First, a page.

051BD7B7-BECB-03B0-7BC257F3433B9FD1
64AC65AB-C8DE-9F32-E458F8BF8028C4E8

Hamilton Alumni Review
315-859-4648 (fax)

'You cannot not pay attention'

"Long Live Chairman Mao!"

Those were the first English words spoken by William R. Kenan Professor Hong Gang Jin as a child, back during China's Cultural Revolution of the 1960s. Despite such an inauspicious beginning, once that chaotic time was over, Jin devoted herself first to learning English, then to finding more effective ways to teach her mother tongue to non-native speakers. At Hamilton she and her husband, Professor of East Asian Languages and Literatures De Bao Xu, have developed an innovative methodology that uses different strategies for each distinct stage of learning.

Students spend the first 100 days focusing on tones, pronunciation and the basic formation of Chinese characters. Next comes comprehension, as Jin and Xu try to enable their students to have real conversations by quickly learning to simultaneously speak and understand the language. They have developed a set of multimedia materials for students to work on outside of class, including all homework and speaking and listening exercises.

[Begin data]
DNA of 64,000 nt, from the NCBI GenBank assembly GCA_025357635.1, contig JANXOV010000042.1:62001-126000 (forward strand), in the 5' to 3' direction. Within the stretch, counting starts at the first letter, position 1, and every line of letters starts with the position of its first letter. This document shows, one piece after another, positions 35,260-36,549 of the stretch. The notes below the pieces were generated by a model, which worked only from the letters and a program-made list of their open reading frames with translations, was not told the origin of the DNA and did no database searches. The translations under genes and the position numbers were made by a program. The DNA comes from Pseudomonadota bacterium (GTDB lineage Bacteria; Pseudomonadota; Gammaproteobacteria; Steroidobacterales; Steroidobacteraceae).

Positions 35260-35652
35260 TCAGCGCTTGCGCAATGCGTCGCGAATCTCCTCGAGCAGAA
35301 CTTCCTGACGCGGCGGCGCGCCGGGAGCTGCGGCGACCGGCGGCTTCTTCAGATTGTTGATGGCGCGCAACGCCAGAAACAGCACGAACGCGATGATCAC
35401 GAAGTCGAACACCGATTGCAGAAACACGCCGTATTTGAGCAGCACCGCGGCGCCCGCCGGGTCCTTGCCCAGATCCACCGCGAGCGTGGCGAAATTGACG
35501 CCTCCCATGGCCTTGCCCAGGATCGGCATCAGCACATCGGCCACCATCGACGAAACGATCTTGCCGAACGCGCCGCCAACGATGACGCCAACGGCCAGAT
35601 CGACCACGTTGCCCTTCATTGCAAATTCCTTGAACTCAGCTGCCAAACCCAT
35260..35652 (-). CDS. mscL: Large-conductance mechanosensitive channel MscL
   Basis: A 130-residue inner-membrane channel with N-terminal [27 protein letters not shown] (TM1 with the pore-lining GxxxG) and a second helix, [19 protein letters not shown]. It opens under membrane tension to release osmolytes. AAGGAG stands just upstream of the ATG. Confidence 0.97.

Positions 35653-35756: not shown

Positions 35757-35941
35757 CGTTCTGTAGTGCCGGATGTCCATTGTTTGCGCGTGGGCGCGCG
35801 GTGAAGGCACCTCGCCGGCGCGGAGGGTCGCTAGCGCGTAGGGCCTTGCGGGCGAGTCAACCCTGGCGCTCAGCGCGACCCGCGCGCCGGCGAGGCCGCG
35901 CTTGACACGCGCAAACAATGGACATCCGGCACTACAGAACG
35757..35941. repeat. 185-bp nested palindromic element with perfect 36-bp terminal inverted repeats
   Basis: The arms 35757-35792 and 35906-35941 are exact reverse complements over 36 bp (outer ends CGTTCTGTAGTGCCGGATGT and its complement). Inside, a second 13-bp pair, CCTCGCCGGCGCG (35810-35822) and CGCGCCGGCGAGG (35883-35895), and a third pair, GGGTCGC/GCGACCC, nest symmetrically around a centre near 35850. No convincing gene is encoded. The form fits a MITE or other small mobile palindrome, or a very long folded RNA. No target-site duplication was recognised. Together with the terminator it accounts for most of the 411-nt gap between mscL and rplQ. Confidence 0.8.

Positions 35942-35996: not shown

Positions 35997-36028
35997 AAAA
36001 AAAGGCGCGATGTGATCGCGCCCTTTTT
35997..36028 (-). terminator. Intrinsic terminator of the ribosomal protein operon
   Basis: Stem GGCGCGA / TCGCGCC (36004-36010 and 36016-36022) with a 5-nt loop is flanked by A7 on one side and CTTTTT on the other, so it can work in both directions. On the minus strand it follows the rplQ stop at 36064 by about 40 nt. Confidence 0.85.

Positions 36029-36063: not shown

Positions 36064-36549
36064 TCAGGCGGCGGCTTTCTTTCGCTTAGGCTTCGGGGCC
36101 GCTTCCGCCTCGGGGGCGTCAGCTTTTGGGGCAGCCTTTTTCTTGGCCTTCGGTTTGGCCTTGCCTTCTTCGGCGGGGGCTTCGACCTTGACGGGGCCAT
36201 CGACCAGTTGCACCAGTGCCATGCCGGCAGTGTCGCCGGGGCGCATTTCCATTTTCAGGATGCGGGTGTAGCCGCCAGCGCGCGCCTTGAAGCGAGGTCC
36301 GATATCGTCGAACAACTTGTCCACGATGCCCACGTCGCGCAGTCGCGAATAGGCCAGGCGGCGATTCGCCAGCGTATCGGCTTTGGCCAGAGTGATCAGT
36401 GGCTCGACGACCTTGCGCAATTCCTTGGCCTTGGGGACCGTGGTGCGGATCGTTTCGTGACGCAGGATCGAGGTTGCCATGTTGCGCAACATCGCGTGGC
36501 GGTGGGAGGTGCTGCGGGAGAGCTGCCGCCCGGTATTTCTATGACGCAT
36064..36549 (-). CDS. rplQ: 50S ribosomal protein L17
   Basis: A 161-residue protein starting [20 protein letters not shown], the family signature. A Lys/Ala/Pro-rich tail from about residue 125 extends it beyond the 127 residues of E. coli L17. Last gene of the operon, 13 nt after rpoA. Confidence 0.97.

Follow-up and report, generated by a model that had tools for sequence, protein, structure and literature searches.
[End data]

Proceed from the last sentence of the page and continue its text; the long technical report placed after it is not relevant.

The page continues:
In the classroom, all the lessons and texts are computer-based and highly interactive. Students say the atmosphere in class can be boisterous as they learn the language by discussing the issues of the day, in Chinese.

"You cannot not pay attention in Chinese class because they're all so fast-paced," says Kaitlin Britt '09. As a high school senior from the Seattle area, Britt visited an astounding 33 colleges, looking for just the right place to major in Chinese. After sitting in on Jin's second-semester class, she told her father she was hooked on Hamilton. "I just said 'Dad, I have to go here, this is so perfect.' It was so interactive and cool, and everyone in class was into it."

That includes Jin, whose study of pedagogy has helped professionalize the field. "Language is a discipline, and you need to do it in a very professional way," she says.

That commitment is equally apparent in the Japanese minor, which now draws about 40 students to its language courses, says Kyoko Omori, assistant professor of Japanese. The minor provides four years of language instruction, with all teachers "trained in Japanese language pedagogy specifically for the college level, which is not always the case in a small liberal arts environment," she says.

Return to Illuminating Asia